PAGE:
The judge found that Newman was distinguishable because Carlos did not expressly impose any restrictions on Eliana’s operation of the vehicle; he gave her possession of that vehicle. The fact that Carlos’ cousin expressly forbid Araujo from leaving the property could not be attributed to Carlos. However, the judge went further, stating that Newman may be wrongly decided, as it did not follow Thompson v. Bourchier.
Accordingly, the judge dismissed Allstate’s motion for summary judgment and found that there was consent, as Carlos gave Eliana possession of the ATV. Allstate’s motion dealing with the third party action was allowed.
Allstate appealed the summary judgment decision, raising two issues:
- Did the motion judge err by concluding that in the absence of an express prohibition against taking the ATV off the farm property, the owner must be taken to have consented to possession at the time of the accident?
- Did the motion judge err by failing to follow the decision of this court in Newman?
With respect to the first issue, the Court of Appeal disagreed with Allstate’s argument that the test for consent essentially turns on the subjective belief of the party in possession of the vehicle. The court found that this approach would allow anyone with actual possession of the vehicle to fix the owner with liability even where the owner had not consented to that person having possession of the vehicle:
The focus of the language and purpose of the provision are on the actions of the owner who is charged with the responsibility of exercising appropriate caution when giving another person possession of the vehicle.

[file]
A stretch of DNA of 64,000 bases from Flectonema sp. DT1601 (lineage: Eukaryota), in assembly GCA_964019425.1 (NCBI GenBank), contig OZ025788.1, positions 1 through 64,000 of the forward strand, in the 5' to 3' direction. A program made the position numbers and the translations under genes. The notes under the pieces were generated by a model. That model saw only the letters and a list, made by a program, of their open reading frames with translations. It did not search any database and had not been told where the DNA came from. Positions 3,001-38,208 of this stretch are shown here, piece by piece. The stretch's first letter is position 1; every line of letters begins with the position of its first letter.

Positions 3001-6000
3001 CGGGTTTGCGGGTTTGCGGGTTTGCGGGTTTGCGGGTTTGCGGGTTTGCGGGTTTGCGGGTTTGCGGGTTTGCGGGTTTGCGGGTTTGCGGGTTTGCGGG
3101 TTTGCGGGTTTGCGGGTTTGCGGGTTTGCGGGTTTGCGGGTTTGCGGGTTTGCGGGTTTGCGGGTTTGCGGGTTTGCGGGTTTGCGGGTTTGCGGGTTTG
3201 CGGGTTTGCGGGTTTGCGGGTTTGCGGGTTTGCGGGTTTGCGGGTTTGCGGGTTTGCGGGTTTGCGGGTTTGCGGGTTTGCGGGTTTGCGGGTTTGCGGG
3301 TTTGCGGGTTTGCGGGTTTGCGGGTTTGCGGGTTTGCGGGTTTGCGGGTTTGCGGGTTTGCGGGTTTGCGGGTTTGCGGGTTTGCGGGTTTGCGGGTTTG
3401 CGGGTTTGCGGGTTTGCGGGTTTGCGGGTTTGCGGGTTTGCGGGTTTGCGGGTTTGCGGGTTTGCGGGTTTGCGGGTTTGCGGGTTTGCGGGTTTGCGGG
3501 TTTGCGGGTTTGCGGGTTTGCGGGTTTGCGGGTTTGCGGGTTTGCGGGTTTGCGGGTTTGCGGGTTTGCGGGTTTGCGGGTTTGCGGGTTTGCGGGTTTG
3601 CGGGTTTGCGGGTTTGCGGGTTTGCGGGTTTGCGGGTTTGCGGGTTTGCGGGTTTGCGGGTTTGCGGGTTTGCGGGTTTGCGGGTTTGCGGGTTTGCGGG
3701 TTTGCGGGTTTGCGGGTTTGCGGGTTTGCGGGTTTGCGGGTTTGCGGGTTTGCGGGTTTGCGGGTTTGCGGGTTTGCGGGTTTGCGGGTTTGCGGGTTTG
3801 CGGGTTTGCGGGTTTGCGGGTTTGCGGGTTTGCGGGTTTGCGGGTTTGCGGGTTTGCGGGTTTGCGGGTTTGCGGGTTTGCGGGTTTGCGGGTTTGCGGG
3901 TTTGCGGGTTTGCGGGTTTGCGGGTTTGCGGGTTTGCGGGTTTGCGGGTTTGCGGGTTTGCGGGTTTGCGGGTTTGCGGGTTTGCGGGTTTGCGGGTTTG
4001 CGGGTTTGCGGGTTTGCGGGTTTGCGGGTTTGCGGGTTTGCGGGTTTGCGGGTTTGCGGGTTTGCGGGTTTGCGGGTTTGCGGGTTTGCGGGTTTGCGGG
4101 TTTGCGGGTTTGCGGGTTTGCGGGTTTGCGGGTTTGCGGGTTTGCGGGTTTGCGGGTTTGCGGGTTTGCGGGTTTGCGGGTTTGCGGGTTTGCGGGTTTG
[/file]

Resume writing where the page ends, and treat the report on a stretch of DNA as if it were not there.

With respect to the Newman decision, the Court noted that Newman stood for the proposition that “possession can change from rightful possession to wrongful possession, or from possession with consent to possession without consent” where the person in possession violates a condition imposed by the owner. However the Court found that this principle was inconsistent with the reasoning of the line of authority outlined in Finlayson, Thompson, and long list of other decisions.
Accordingly, the Court held that Newman was wrongly decided. Accordingly, the Court overruled the case and declared that it no longer represents the law of Ontario.
The appeal was dismissed.
The decision in Fernandes confirms that vicarious liability is based on possession, not operation. Even if the owner expressly prohibits the driver from operating the vehicle, the owner will be found vicariously liable if they gave the driver possession of the vehicle and such possession was exercised at the time of the accident.
The decision makes sense in light of the plain wording of section 192 of the Highway Traffic Act. In Thompson, the Court held that the purpose of this provision is “to protect the public by imposing, on the owner of a motor vehicle, responsibility for the careful management of the vehicle.” Part of careful management would include taking steps to ensure that the person with whom an owner gives possession of the vehicle would not use that possession in a way that would cause danger to the public.
See Fernandes v. Araujo, 2015 ONCA 571.